Clean URLs

Since I’m using Apache as the webserver for this site, I’ve been able to use .htaccess re-writes to modify the URLs from a basic HTML post-based URL system. You might notice that when viewing an article you might see a URL such as, instead of

People tell you a lot of reasons why you should have clean URLs. The Rails community will go on and on about RESTfulness, which is a lofty if confusing goal. You’ll hear about search engines who spit on your doorstep after seeing your ugly question marks in the URLs (a question mark in a URL is like a rusty car on blocks in the front yard ). But my reason for doing clean URLs is aesthetics. I don’t like ugly URLs because they look ugly. So that had to go.

I can tell you that writing them by hand can be painful unless you’re up on your regular expressions. But then, you should be up on your regular expressions because using them properly makes you feel like a wizard. I learned from the book Sed and Awk, which I heartily recommend for any UNIX user.


Speaking of regular expressions, you can use them in the search bar of this site. Why? Because I’m using grep as my search engine. Since my pages are all stored as text files, grep is a logical choice to do search because you can assume that the people writing grep are more concerned with optimizing regular expressions edge cases than you are. It’s going to be pretty fast. I don’t know how fast for zillions of articles, but I don’t plan on writing zillions of articles. I think it’ll scale pretty well over the life of this site.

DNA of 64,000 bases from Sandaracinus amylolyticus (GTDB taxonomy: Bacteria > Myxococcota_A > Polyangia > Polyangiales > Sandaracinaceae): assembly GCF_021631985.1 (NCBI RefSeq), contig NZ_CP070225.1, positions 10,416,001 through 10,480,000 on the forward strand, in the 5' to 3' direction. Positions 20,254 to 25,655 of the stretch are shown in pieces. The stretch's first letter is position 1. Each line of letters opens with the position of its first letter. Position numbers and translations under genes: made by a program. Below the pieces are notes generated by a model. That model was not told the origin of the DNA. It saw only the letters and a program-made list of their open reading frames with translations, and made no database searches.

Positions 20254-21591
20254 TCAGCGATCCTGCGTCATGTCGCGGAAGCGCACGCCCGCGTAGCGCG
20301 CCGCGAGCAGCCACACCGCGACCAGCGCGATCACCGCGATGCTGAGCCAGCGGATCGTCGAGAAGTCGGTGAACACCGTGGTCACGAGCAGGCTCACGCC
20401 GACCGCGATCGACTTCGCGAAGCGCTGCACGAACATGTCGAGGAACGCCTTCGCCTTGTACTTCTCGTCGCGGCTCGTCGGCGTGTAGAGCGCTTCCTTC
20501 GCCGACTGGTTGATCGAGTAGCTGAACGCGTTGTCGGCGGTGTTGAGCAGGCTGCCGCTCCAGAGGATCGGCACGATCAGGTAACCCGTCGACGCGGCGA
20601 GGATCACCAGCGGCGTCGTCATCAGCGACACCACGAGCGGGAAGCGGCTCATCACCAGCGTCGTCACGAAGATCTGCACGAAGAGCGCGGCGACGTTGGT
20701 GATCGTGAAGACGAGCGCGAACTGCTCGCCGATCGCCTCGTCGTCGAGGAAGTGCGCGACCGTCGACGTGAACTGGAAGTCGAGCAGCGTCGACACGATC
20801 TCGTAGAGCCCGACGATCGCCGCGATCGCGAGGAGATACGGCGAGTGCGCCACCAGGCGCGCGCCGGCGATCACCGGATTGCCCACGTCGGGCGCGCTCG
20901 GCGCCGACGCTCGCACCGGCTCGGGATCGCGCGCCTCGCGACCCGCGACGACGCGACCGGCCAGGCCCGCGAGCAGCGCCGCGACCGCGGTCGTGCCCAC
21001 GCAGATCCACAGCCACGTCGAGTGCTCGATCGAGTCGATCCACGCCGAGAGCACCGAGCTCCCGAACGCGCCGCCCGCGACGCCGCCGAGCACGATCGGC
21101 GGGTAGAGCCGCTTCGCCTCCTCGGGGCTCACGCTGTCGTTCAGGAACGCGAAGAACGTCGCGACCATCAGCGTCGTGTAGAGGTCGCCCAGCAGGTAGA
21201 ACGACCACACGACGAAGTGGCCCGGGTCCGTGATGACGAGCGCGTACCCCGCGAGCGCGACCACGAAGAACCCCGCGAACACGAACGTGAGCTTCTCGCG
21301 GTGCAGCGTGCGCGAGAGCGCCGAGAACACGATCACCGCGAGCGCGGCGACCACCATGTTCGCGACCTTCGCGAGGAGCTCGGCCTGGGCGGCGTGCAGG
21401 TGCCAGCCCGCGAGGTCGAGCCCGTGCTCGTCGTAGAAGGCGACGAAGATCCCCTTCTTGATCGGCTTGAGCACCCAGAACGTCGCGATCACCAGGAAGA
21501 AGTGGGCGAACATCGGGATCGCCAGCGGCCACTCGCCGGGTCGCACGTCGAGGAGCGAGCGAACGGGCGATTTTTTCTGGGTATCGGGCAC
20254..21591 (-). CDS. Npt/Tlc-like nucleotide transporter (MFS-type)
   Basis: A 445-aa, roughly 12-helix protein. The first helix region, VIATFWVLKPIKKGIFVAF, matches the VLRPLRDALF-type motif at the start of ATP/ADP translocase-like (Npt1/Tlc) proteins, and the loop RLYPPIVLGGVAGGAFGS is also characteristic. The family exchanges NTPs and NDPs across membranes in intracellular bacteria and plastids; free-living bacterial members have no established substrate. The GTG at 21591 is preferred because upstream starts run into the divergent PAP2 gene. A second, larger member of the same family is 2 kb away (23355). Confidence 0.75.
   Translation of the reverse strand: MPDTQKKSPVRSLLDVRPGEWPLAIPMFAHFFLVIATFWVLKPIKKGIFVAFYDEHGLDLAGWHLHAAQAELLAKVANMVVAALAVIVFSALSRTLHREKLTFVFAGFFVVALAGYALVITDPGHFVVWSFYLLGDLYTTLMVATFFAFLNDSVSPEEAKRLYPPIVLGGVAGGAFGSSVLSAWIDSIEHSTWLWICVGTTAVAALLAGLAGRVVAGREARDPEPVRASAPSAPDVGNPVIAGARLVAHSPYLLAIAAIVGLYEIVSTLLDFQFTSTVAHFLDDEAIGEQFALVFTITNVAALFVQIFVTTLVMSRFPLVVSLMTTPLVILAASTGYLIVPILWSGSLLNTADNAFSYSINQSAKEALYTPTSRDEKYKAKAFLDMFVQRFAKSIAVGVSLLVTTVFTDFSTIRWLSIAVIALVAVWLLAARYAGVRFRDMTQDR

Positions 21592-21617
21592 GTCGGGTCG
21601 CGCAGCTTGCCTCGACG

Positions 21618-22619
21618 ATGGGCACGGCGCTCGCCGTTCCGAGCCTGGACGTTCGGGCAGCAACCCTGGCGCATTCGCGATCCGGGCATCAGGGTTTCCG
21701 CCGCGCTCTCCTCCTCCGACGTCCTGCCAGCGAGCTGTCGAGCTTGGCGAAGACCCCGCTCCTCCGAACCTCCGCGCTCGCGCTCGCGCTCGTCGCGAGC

And yes, I do escape search input so you can’t do any funky filesystem calls in my search bar. Jeez.

RSS Feeds

People will tell you that Twitter and Facebook are replacing the RSS feed. This may be true for people who don’t care about computers, but it’s not true for me. You can pry RSS out of my cold dead hands. My site needs to have RSS.

For this site, I’ve implemented my own RSS functions in PHP. I wrote it so that you can get an RSS feed for either the whole site, or for any of the sub-categories (Projects, Code, etc.). That was a lot of fun, but there’s not a lot to report about it. RSS is a pretty easy and well-defined syntax.


Sometimes you want to print a web page. Or if you’re like me, sometimes you want to make a PDF out of a web page. CSS print stylesheets are a remarkably under-used thing on the web, but it always irks me when I go to print a web page and it’s all munged up.

In this site, you’ll notice that the navigation elements disappear, and the text size and margins adjust for an optimal on-paper/PDF reading experience when you print. Like RSS, it’s a thing into which you put a lot of effort as a site designer that most people will never see. But it’s important!

What Not to Include

It’s just as important to make choices about what not to include. I opt against social network integration, comment systems, and advertising on this site. Among those things, comments are the only thing I’ve chosen against that would add any value for users of the site. But I don’t want to write a comment system, so sorry folks, you’ll have to send me an email.

I realize that all web applications at this point are social to some degree, but I believe you should be able to make the choice not to have little “pin this, like that” buttons everywhere and not be made a pariah for it. I hope you’ll agree. I don’t want advertising because I don’t want my identity to be associated with other people’s schemes to get your money and make you feel bad.


This site uses:

  • Hashify Editor for editing and previewing page content.

    • You should check out Hashify for a great online Markdown previewer/editor.
  • File Uploader for uploading files.
  • Prettify for syntax highlighting of code snippets.

The rest was all me. Thanks for getting this far!